How can one measure ‘loss’ by the lack in hypothetical ‘potential sales’? How can one clame to have ‘missing profits’ on the assumption that one day the individual in question MAY have enough money and MAY spend the $60 on a legit copy of the game, but won’t now since they downloaded it?
Ok, so that’s the thinking. Let’s just say, we all agree. No loss was made. No money spent was wasted. Let’s say: EVERYONE who would buy it, bought it, and EVERYONE who weren’t going to, didn’t.
Even if this was the case, there is something that is being over looked here. The basics of good business.
One receives goods and services at the exchange of currency, so that the providers of the goods and services can afford to continue providing goods and services and use profits to support themselves. Think about it, can a business properly function on the model of “oh, if you can’t afford it, you get it for free”?
Even on a more human level, people are gaining joy and pleasure (playing a game) from the hard work and efforts of another (game company), but the game company gets no reward or compensation.
Is this cool with everyone? Originally I thought so, not in regards to games mind you. I’m talking about bread.
Let me take you back to my high school days, when I worked in a grocery store bakery department. The hardest part of my job came at the end of the day, when we had to throw out all unsold product: breads, muffins, danishes, bagels, pies, EVERYTHING. I say this was ‘hard’ for me because mentally it felt shitty to be the one to waste so much food. Food that could feed so many, just gone. But we’re not here to talk about charity and ‘human decency’, we’re here to talk business.
Once and a while I’d ask if I could just have one of the things that we’re going be thrown away. These items are still good mind you, they just won’t last the night. A pizza bread for example. So, as I am moments from taking it to the dumpster, I ask if I can take it home. Eat it. In my tummy.
The answer: no, you’ll have to pay for it.
… ok, so let me get this straight.
In 1 minute, this pizza bread is going to become garbage. It’s literally going to be thrown into a trash bin. So as far as you guys are concerned, it’s gone. It’s a loss. Whatever. But if I want this item, this item that is about to go into the trash and become waste… I have to pay for it? Really?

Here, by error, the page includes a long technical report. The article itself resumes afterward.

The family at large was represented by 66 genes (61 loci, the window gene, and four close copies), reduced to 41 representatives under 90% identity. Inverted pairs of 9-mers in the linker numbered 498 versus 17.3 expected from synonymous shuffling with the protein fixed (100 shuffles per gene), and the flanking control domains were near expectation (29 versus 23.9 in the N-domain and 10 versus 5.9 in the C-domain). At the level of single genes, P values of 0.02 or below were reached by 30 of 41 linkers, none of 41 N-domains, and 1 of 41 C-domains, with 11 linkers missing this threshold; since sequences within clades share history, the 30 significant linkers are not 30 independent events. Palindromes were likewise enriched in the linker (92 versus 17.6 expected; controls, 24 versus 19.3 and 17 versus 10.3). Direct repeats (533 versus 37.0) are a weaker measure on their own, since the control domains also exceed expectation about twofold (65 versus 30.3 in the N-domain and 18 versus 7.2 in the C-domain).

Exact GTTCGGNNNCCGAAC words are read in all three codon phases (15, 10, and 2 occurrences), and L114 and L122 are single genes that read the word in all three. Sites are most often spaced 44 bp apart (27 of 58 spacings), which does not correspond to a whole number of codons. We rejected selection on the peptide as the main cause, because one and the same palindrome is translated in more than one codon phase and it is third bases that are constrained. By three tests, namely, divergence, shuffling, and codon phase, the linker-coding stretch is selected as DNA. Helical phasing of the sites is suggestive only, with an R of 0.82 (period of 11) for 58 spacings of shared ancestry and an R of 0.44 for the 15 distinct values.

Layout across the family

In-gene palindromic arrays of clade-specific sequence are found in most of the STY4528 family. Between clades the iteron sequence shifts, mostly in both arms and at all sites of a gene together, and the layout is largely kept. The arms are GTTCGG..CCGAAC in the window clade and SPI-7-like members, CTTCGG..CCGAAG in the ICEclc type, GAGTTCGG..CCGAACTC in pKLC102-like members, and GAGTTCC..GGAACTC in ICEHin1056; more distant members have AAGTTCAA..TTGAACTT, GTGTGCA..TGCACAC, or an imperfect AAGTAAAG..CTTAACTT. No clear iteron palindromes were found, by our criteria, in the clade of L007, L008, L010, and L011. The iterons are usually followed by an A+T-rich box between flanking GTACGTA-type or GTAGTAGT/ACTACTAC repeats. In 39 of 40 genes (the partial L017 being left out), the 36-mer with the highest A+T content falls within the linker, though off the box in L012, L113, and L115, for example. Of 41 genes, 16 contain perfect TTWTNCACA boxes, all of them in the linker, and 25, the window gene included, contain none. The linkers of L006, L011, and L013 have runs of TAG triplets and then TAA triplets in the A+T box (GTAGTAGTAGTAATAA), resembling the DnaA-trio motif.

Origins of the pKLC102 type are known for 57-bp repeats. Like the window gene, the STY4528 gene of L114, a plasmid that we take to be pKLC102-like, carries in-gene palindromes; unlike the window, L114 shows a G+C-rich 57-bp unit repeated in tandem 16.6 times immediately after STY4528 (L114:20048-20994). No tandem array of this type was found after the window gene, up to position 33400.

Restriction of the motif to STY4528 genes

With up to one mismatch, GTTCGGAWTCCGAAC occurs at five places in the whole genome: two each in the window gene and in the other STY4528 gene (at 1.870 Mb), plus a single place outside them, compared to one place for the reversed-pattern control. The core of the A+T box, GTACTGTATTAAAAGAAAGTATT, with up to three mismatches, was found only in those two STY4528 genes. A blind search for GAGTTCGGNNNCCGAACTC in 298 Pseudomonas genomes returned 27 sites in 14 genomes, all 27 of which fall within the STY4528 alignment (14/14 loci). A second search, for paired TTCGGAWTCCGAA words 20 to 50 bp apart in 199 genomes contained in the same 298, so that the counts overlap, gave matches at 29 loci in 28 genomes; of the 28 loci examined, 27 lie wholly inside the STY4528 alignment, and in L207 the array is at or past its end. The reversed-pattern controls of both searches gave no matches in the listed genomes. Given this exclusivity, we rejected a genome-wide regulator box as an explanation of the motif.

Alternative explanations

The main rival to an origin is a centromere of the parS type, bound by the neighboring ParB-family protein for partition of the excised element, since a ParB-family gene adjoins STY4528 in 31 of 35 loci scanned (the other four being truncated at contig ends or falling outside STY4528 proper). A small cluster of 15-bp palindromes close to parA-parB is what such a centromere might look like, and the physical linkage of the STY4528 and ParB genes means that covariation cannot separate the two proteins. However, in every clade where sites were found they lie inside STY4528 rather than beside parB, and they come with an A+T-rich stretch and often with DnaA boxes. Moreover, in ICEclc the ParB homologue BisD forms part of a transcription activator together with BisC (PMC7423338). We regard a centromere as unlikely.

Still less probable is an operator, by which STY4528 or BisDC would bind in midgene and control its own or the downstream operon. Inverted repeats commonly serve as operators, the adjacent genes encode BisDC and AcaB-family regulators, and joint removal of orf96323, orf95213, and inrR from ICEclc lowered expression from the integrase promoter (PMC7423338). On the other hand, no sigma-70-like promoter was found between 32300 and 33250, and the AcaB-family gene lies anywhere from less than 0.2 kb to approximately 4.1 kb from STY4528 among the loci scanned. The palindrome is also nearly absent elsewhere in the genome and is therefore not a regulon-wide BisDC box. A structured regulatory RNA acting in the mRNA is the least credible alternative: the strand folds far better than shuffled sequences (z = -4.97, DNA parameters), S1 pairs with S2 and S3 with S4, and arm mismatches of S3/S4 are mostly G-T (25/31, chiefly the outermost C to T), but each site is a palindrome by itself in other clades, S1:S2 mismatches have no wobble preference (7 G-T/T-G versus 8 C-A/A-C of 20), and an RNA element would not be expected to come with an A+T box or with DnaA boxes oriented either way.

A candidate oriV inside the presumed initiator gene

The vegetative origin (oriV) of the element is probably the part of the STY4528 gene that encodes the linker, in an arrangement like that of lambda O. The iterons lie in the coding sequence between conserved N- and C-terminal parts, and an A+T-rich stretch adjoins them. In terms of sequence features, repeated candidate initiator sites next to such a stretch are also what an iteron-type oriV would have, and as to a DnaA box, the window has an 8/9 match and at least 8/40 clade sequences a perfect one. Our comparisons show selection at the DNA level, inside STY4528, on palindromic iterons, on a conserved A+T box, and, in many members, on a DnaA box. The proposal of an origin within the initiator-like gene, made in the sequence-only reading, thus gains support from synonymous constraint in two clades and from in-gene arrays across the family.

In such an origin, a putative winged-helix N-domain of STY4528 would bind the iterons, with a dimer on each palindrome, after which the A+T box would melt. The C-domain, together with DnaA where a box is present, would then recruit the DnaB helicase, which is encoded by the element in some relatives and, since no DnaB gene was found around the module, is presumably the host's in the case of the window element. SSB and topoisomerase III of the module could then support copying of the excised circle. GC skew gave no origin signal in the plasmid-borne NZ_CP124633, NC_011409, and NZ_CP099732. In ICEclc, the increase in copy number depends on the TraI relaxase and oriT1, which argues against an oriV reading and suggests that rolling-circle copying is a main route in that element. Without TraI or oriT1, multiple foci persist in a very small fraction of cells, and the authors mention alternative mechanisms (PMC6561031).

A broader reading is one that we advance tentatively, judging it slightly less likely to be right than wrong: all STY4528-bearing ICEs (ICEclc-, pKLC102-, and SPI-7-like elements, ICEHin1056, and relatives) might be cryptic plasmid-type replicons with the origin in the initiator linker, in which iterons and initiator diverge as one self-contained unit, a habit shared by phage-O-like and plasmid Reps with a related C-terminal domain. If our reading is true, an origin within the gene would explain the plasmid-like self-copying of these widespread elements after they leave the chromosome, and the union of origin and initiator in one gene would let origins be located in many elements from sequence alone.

I, someone who wasn’t going to buy it anyway and really had no intent on purchasing, wanted a pizza bread that was already marked for death, but the very thought that someone was to benefit from it without compensation was inconceivable? You, the grocery store, would feel better knowing that the pizza bread was in the garbage over the possibility that I get to eat it?
Yep. That’s pretty much it.
Now this may sound crazy (in fact, it IS crazy, I’m not going to lie) but that’s the basis of a business. If the company wants to throw things away, they can. It’s their product, they can do what they want. But if there’s potential for business, they’ll do business. They’re not a charity.
Whether you agree or not with this, the point is, EVEN if someone pirating a video game doesn’t technically affect the profit (based on our earlier assumption), the publishers just KNOWING that gamers are benefiting from their work for FREE, well… it doesn’t surprise me that this knowledge brings the piss of many game companies to a boil. Mostly because it’s not just one person. It’s never just one download. Thousands of gamers are doing it. Should publishers just be happy that people are playing their game? Imagine this conversation:
Employee A: “Oh yeh, everyone is loving the game, they’re all having a great time.
Employee B: “I’m glad everyone likes it. By the way, how much money did we make?”
Employee A: “Oh, not as much as we could have if everyone bought it, but whatever.”
Employee B: “I see…”
My final example just to bring this home, imaging you made a painting. And you’re sitting at a table in a street art fair. You made a couple print copies of this painting, and you’d like to sell a bunch of them. People come by and see your painting prints, and they like it. Some people buy them, but others, after hearing your price, admit they can’t afford to buy it. Instead, they pull out their camera, take a picture of it, print it, and put it up on their walls at home.
TRUE, you didn’t lose your product, no one stole it. But all these people now have your work on their walls and are enjoying it without repaying you for your efforts. How do you feel about that?
Well, that’s enough of my rant for now. I will leave you with this however.
When a game company decides not to release a game in your country, even though it’s already translated, if their game gets pirated because of this, that’s their own fault. I don’t endorse stealing games, but in an age where everyone can have knowledge of, and potentially access to something, but companies decide to withhold them for no clearly stated reason? They gotta modernize their distribution process.
… why can’t everyone just be more like Steam?
Note: I wrote this article a few days before Jim Sterling made his recent Jimquisition video on the same subject. Check it out below: